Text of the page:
The dwarf peach ‘Bonanza’ is a beautiful little tree in spring, summer, and winter; but it is not usually known for its colors in the fall, at least in the desert Southwest. This fall has proven to be spectacular, as has the little dwarf peach, ‘Bonanza.’
Today was the day to begin harvesting the peaches. How do I know? A little bird told me!
As soon as the peaches almost reach ripeness, the birds begin to sample them. Some people cover their fruit trees with netting to protect the fruit from being eaten by the birds. I find it easier to pick the fruit and let it finish ripening a day or so indoors.
This is what one branch looked liked before I picked its peaches. Notice that the branch is almost horizontal from the weight of the peaches (another reason to thin the peaches after the danger of frost has past).
This is what the same branch looked liked after the peaches had been picked:
Harvesting of the peaches as they ripen will continue over the next week or two. Yummmm. . .
Once the risk of a hard freeze is past, the tiny peaches need to be thinned if you want to get large fruit. Otherwise you will get a whole lot of small, but very tasty, fruit. A shame, you might be thinking. That would all depend upon what use you intended to make of the peaches.
These small peaches make wonderful whole spiced peaches to be canned for use in the winter holidays. They are first canned whole (recipe to follow). They can be cut in half and served over ice cream as a holiday dessert. They can be served alone as dessert. They can be used in a fruit compote. Halved, they make a wonderful topping for custard tartlets. Peaches this size can usually be packed 12 to a quart jar. The ‘Bonanza’ peaches will turn the syrup a wonderful shade of red.
Whole Spiced Peaches (for small peaches) – Recipe from the Ball Blue Book
Wash peaches; drop into boiling water for 30 – 60 seconds; immediately plunge into cold water. Peel fruit, but leave whole. Drop into a solution of FruitFresh or similar while all of the fruit is peeled. Be sure to wash before adding to hot syrup mixture.
For eight pounds of peaches, combine
1 cup sugar
4 cups water
2 cups honey
in a large saucepot and cook until sugar dissolves. Add one layer of peaches at a time to the hot syrup, and cook for about three minutes. Pack hot peaches into hot jars. Leave 1/2 inch headspace.
To each jar, add
1 stick of cinnamon
1/4 tsp whole cloves
1/2 tsp whole allspice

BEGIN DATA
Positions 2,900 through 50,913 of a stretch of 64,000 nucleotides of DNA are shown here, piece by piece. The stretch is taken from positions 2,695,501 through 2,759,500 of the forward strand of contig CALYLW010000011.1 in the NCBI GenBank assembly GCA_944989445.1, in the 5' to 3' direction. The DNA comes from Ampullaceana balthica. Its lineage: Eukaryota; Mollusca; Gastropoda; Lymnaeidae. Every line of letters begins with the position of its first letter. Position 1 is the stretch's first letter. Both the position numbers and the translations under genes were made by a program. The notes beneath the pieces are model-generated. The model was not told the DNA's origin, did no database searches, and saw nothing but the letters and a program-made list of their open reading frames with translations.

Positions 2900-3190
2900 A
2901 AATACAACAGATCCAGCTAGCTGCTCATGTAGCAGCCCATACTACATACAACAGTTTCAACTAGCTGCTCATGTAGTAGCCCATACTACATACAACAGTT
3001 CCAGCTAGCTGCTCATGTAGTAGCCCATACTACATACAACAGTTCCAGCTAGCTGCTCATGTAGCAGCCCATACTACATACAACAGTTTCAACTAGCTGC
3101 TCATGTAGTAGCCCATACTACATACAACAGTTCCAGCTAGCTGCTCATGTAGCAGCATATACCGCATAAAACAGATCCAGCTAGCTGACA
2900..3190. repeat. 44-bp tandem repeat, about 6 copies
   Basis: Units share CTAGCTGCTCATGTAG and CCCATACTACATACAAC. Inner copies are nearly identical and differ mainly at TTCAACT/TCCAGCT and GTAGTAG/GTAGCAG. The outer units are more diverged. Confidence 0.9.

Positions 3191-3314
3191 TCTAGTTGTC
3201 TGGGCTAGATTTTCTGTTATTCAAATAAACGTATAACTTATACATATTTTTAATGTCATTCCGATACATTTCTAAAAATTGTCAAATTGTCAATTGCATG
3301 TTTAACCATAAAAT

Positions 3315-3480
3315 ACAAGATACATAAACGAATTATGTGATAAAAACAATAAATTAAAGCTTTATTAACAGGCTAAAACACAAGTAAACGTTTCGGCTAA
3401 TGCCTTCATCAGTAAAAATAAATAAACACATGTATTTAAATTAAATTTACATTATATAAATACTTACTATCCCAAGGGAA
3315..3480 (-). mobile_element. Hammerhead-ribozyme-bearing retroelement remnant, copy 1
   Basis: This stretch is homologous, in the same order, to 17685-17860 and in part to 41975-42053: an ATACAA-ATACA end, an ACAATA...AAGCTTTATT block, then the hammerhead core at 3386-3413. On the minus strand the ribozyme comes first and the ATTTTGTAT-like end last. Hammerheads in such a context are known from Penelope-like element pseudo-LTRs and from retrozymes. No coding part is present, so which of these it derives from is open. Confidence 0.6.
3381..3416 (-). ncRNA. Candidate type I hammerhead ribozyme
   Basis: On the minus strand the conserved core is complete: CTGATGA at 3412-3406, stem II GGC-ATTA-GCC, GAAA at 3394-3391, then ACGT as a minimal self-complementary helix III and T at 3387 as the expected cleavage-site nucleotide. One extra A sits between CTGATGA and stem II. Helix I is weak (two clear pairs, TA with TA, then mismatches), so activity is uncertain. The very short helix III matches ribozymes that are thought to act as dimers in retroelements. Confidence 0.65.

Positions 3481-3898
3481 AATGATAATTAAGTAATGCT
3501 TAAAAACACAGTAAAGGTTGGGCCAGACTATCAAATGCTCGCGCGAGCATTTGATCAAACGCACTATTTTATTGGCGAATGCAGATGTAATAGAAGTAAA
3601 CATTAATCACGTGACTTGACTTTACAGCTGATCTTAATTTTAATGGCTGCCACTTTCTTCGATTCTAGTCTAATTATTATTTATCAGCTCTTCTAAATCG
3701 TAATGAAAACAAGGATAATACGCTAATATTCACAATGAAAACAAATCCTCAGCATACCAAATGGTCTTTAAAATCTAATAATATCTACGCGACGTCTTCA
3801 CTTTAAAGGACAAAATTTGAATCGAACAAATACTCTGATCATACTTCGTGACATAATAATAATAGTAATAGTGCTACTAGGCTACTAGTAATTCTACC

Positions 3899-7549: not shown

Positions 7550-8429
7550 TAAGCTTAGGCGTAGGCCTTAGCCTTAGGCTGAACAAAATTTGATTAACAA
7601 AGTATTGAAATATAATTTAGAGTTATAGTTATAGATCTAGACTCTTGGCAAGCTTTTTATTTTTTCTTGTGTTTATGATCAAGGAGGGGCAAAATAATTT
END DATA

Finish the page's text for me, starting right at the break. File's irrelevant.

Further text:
Ladle hot syrup into jars, again leaving 1/2 inch headspace.
Remove air bubbles.
Secure 2-piece lids.
Process in a water bath for 25 minutes.
When cool, be sure to store in a cool, dark spot until you are ready to enjoy these wonderful little peaches.
This weekend I am in Tucson, located in the Sonoran Desert of the southwest, rather than the high Chihuahuan Desert in which Albuquerque is located. Many years ago I lived here for seven years, and although many things about the city have changed, the plants have remained pretty much the same. Palm trees, which do not grow in the Albuquerque area, are pretty much a staple of cities in the Sonoran Desert.
The first thing I noticed when I arrived yesterday was that the palm trees looked very strange: the centers were green, but the outer fronds were brown and looked dead. I did not recall ever seeing all of them look like that before (click to enlarge image).
“What happened to the palm trees?” I asked.
“All the palms had been trimmed up this spring, but after that there was a late freeze that lasted several days.”
In all the years I lived in Tucson that had never happened. Fortunately, the palms seem to be recovering well.
I have certainly seen that happen to roses in Albuquerque, and I hope I have no pictures of that to show you later this season.
(There are some photos of roses with this type of damage, however, and an excellent discussion here.)
Here in Albuquerque, the first things to bloom in my yard in the spring are bulbs and the dwarf peach, Bonanza. I have grown this peach tree in a 3/4 whiskey barrel since the late 1980′s. No matter how cold or how warm the winter, it has never failed to bloom. This year, after the very heavy snows but relatively mild winter temperatures, the blooms were spectacular.